BioBS, University of Richmond, 2005PhD, University of Chicago, Dept of Chemistry, 2011Postdoc in Immuno-engineering, University of Chicago, Dept. of Surgery, 2014
Dr. Pompano's research interests center on developing microfluidic and chemical assays to unravel the complexity of the immune response and inform new immunotherapies. Her lab combines unique expertise in bioanalytical chemistry, microfluidics, bioengineering, and immunology to create brand new ways to look at the immune system.
One area of interest is utilizing live samples of intact tissue to test new vaccines and immunotherapies outside of the body. The Pompano lab has created specialized microfluidic technology to locally stimulate specific regions of these samples, to mimic the arrival of drugs through blood or lymphatic vessels. Another exciting area is to hold two types of tissue in communication on a microfluidic chip, for example to study tumor immunity or neuro-immune communication.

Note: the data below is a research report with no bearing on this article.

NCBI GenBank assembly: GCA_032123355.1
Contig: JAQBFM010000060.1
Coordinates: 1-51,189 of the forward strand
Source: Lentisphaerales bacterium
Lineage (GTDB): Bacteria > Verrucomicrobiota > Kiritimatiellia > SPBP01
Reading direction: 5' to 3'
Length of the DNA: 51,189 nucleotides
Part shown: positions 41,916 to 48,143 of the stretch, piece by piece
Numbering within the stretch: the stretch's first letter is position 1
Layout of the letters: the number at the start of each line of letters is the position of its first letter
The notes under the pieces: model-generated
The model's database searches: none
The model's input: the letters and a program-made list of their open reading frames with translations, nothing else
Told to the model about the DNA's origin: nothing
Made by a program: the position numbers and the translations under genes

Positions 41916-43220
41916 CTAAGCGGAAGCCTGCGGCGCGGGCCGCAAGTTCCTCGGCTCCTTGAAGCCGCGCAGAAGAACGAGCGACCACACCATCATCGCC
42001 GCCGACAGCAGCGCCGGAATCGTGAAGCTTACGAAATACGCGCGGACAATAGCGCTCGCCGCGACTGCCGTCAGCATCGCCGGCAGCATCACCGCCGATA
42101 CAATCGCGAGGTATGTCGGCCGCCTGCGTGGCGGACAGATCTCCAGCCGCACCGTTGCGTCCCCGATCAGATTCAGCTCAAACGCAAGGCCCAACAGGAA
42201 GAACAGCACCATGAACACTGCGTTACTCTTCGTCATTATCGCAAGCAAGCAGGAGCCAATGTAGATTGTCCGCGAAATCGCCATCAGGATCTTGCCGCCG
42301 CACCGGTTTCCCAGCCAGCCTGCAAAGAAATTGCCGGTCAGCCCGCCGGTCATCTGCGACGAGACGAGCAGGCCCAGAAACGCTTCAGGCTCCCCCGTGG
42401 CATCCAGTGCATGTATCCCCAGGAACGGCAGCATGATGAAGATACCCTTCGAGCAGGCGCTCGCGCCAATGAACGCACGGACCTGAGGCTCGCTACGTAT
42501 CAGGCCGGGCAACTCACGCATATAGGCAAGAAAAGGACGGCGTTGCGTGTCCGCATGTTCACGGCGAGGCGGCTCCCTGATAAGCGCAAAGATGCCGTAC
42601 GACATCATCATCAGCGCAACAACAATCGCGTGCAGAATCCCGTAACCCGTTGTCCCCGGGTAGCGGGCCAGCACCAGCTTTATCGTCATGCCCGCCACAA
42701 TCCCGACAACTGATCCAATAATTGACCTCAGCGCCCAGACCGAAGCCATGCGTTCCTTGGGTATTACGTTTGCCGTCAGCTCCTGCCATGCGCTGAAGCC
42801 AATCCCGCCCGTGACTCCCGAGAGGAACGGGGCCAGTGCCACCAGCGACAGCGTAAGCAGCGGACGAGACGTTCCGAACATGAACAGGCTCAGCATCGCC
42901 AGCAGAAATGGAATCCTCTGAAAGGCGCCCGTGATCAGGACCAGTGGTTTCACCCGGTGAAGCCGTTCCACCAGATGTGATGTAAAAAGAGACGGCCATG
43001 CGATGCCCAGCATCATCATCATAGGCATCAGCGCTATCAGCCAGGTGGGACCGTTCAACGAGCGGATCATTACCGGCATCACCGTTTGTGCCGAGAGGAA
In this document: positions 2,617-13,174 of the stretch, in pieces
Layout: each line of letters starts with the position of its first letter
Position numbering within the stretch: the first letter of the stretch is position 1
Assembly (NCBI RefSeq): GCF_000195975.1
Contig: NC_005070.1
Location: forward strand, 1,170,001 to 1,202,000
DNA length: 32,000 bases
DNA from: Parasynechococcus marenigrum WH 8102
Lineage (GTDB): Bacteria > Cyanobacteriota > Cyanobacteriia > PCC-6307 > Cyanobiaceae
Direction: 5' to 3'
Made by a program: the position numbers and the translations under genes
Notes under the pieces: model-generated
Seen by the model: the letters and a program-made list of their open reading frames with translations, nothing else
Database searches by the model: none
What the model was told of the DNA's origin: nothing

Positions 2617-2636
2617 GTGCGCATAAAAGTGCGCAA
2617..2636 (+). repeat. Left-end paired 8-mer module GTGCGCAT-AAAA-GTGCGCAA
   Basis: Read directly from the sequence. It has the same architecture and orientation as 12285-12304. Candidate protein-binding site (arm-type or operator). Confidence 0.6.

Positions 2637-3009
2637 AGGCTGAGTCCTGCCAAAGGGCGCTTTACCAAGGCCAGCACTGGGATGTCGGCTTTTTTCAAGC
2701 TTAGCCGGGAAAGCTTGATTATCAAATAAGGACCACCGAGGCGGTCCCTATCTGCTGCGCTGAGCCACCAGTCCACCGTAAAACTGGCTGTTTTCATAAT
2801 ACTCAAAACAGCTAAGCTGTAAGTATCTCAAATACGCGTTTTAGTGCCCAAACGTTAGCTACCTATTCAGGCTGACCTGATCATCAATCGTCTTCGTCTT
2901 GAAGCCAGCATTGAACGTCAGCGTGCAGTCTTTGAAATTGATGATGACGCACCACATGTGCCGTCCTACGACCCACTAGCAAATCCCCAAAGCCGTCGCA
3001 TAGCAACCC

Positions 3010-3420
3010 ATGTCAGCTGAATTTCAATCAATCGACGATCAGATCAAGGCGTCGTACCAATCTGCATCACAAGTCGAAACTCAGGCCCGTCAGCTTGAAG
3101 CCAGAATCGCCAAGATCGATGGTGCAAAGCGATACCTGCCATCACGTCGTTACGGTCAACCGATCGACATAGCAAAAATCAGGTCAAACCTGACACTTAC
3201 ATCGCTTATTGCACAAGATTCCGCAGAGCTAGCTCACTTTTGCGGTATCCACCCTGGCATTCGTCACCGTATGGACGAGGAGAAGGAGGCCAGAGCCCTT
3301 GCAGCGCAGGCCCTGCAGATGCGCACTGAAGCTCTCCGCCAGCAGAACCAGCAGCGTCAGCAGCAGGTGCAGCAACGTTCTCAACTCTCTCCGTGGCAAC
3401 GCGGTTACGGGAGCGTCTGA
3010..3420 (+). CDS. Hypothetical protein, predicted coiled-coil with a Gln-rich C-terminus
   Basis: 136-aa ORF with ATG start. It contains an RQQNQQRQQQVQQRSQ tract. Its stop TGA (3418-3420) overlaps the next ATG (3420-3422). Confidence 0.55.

The Pompano lab is funded by a prestigious Individual Biomedical Research Award from The Hartwell Foundation and received the national Starter Grant Award from the Society of Analytical Chemists of Pittsburgh in 2016. In 2017, the lab was awarded an NIH R01 to develop hybrids of microfluidics and lymph node tissue to study inflammation. Dr. Pompano is also active in advocating for continued funding for education and biomedical research on Capitol Hill.
Dr. Pompano is an Assistant Professor in the Departments of Chemistry and Biomedical Engineering at the University of Virginia. Please see the Pompano Lab website for an up-to-date list of publications and news: www.pompanolab.com.